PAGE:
If we don’t operate at the shame and guilt kind of level and operate at a more aspirational level then that energy becomes more visible to us. The higher the plane we can spin up to then the greater the plane we’re on. Another belief I have is I am merely a conduit. Non of what I am doing is me, it’s a product if the energy I am creating. I don't write the book, it writes itself, I am just a messenger. I don’t know what name you give to that power but there’s a definitely energy greater than you or I.
What do you think about marriage?
I think marriage is a very good idea. Life becomes increasingly impermanent and the more that we can have in our lives that creates foundations and permanence the better. Married or not, it’s about ones behaviour as a human being. Making sure that on occasions we are not entirely selfish. I could probably be a bit less selfish but having said that my projects are very important to me. I am not giving then up for anyone. The more my projects succeed the more I have to offer. I’m no use to anyone and what I mean by that is, I have to love myself before I love anyone else.
What do you think about children?
I love my children. I have 4 daughters and 2 granddaughters. They’re fabulous. There’s not another man in sight. I wouldn't have wanted a son, I really couldn't have handled the competition. My granddaughters are beginning to be amusing now rather than farting blobs. If they’re your own farting blobs that’s fine but someone else's - no thanks.
What do you think about Life?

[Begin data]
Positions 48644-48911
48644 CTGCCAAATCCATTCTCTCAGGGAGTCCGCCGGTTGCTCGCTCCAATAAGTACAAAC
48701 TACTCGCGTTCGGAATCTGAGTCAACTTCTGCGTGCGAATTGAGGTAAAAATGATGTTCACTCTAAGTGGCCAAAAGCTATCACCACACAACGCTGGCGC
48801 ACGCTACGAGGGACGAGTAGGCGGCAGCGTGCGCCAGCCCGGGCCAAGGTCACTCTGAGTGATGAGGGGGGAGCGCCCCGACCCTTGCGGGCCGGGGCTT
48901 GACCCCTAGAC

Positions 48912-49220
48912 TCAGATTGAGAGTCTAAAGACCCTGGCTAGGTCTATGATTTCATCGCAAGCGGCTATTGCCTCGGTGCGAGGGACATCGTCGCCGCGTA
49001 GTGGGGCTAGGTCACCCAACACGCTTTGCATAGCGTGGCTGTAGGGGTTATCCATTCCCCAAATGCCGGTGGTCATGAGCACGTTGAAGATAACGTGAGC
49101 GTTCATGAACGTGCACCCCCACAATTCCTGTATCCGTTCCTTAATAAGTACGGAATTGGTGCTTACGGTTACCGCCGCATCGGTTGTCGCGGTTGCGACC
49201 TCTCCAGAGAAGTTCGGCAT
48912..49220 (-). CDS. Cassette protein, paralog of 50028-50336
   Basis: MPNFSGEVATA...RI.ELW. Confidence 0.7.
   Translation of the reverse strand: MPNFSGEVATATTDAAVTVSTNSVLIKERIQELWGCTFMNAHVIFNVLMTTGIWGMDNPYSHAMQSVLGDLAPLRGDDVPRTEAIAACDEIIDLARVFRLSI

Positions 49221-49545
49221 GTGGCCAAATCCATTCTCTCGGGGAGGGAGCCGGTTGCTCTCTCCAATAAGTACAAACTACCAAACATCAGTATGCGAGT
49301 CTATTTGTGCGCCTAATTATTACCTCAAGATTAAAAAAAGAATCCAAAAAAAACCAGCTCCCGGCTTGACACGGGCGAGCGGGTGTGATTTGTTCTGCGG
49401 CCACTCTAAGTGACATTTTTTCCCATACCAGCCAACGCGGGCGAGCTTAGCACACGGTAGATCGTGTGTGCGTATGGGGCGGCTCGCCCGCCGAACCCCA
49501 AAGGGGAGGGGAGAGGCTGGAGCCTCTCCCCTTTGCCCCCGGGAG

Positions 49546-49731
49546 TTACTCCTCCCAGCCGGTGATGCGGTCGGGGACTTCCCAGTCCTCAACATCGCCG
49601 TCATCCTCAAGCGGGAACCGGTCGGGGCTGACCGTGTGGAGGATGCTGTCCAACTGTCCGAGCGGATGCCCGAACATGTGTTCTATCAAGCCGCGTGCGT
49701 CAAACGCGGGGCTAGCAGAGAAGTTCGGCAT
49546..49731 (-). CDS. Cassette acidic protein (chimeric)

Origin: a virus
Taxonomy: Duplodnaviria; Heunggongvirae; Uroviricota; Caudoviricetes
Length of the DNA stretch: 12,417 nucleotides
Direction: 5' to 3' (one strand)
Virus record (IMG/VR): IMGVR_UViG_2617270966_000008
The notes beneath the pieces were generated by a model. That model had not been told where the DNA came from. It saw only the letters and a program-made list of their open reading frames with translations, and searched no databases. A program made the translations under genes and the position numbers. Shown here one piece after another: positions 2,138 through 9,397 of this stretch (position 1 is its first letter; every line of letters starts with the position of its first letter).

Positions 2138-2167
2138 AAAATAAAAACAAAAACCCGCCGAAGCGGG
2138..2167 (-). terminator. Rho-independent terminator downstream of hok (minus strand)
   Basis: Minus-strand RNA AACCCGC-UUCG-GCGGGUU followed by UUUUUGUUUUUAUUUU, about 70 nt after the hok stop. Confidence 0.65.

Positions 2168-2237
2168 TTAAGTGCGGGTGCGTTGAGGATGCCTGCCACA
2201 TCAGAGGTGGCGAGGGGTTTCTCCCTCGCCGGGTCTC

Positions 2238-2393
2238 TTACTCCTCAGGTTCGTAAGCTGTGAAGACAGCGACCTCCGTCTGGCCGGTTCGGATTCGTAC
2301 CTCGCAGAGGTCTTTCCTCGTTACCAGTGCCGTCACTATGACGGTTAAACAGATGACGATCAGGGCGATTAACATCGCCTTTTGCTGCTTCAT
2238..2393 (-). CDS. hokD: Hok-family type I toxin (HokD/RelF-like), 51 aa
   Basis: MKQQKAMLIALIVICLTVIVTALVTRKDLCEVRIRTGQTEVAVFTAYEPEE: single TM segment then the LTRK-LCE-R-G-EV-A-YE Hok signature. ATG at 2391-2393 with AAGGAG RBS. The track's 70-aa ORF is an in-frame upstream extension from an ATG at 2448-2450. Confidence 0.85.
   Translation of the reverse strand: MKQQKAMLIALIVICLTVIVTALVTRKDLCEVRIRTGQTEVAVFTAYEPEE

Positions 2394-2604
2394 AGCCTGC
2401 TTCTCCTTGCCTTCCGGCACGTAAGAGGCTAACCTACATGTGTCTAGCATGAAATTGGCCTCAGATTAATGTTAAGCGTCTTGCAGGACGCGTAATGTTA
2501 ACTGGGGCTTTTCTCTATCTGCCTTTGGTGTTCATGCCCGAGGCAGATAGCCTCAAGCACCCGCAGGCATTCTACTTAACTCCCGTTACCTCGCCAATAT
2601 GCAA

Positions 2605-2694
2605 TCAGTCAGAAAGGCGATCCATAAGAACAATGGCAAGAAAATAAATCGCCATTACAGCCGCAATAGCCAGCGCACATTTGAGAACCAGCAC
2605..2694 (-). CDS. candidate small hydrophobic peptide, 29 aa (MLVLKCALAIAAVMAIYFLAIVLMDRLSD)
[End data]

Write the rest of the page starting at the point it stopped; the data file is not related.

To build on what’s gone before and inspire other people. There are six ingredients for a long life; Pressure Yes, stress No. Eight hours sleep (the difference between despair and hope is eight hours sleep). Diet and Exercise - walking is the unsung hero of exercise. Love for people and passion.
What do you think about Death?
It’s inevitable. I am not frightened of it. I just don’t want it because I feel I am only cranking it up now. Everything I’ve done to date has got me to where I want to be, to achieve what I want to achieve. I’m really only just getting started. The next ten years are going to be life changingly massive for me if the Lord spares me - and if he doesn’t, then that’s his choice.
What brings you down?
I don’t get down - being down isn’t somewhere I want to be. I’ve been down. I’ve had moments in my life when I have felt completely inadequate. When I was 49 I had to go and get employed - I don’t do employed. I had one of those psychometric test done - it said I was a high academic intelligence. I said ‘it’s wrong’. I assumed til that moment that I was thick. I suddenly realised I wasn't - NIRVANA! I didn’t do very well at school. I thought everyone else was very bright and I was just pig thick. That was a massive change.
What’s your view on faith?
Years ago I left my daughter one morning to go to work. She had been jumping on the bed in her cowboy outfit. I got a call from my wife to say come to hospital. My daughter had fallen off the bed and landed on a glass of water that was on the floor. It had gone into her spleen. The doctor was saying ‘I’ll do my best’. I’d just seen her bouncing around only half an hour before. I went outside to call other members of my family to tell them what had happened - the car park attendant came up to me and put his arm around me and said - ‘he will make it alright’ and you know what, he did. I get so caught up in my hamster wheel ‘doings’ and become so busy that that I forget to get up here and look at the bigger picture.
What have you taken from this experience?
I have spend a lot of time over the years on the couch. I find talking about myself quite agreeable. It’s nice sharing discussions about life - very much my page.